The star vs. the creator

When Roseanne went into production, it wasn’t called Roseanne — the pilot script was called Life and Stuff, and Matt Williams, the guy who wrote it, intended for the show to be an “ensemble piece” over which he could have some control, as opposed to a vehicle for Barr, even though her comedic voice strongly influenced the series. The latter is exactly what Barr wanted (and got), thus launching a bitter power struggle between her and Williams, the show’s head writer and co-executive producer.

In December 1988 —in the middle of Roseanne‘s first season — Barr threatened to quit the show after 13 of the 22 ordered episodes had been completed … unless Williams got the boot. Williams got the boot, but people who worked on the show told the Los Angeles Times that producers almost did let Barr walk because she would allegedly launch into angry tirades on the set, lock herself in her dressing room, or leave the studio at a moment’s notice. Producers and writers figured that if and when Roseanne did leave Roseanne, they’d just reconfigure it to be a showcase for John Goodman.

The star vs. the writers

Why was Roseanne such a great show? It had great writing, and that might have been because Roseanne Barr (and later, her husband and creative partner, Tom Arnold) put a ton of pressure on the writers. After the show’s staff would finish a script and the cast would do its initial read-through, Barr would reportedly re-write the script herself. That injected a lot of fear, resentment, and other negative emotions into the writers’ room, which Barr later attributed (via Entertainment Weekly) to writers having “a lot of emotional problems.”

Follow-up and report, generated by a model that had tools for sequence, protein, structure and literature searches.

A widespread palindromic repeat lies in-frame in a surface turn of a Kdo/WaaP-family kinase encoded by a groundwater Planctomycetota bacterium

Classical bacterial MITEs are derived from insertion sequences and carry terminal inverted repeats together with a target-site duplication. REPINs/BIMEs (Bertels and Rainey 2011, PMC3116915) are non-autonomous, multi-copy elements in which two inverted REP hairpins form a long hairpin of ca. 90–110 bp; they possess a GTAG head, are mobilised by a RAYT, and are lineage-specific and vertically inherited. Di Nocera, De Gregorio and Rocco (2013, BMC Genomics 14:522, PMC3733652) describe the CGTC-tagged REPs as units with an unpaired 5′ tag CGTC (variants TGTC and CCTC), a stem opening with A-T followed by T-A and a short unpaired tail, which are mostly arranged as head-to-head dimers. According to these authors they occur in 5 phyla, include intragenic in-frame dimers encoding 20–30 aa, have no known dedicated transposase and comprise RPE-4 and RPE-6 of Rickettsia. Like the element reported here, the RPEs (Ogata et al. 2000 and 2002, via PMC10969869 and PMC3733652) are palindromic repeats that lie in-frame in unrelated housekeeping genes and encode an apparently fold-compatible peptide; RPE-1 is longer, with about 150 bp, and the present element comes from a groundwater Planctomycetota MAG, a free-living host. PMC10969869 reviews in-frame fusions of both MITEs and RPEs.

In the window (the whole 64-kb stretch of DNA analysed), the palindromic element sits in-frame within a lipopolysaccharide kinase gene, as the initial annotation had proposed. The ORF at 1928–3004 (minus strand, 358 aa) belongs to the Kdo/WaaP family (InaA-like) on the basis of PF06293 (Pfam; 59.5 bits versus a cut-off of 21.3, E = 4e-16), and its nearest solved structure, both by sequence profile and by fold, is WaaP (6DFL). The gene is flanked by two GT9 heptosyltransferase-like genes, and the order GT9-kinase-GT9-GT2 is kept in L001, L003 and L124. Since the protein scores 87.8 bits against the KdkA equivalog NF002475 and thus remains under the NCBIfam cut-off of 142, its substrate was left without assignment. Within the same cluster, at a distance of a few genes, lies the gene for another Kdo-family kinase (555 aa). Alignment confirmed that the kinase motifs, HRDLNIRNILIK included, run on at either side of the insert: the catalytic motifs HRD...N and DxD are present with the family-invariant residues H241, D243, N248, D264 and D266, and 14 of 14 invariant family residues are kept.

After observing that her writers would “only laugh at the jokes they wrote” at the read-throughs, Barr reportedly assigned numbers to each member of the staff and would only refer to them by their designated number. Roseanne writer Amy Sherman-Palladino, who would go on to create acclaimed shows such as Gilmore Girls and The Marvelous Mrs. Maisel, said her nickname was “2.”

“The writers did not think it was funny,” Sherman-Palladino told Entertainment Weekly. “Anytime you tell someone, ‘I’m not going to learn your name, here’s your number,’ you’re diminishing their worth.” Roseanne writer and future Buffy the Vampire Slayer creator Joss Whedon called the set “a brutal environment.”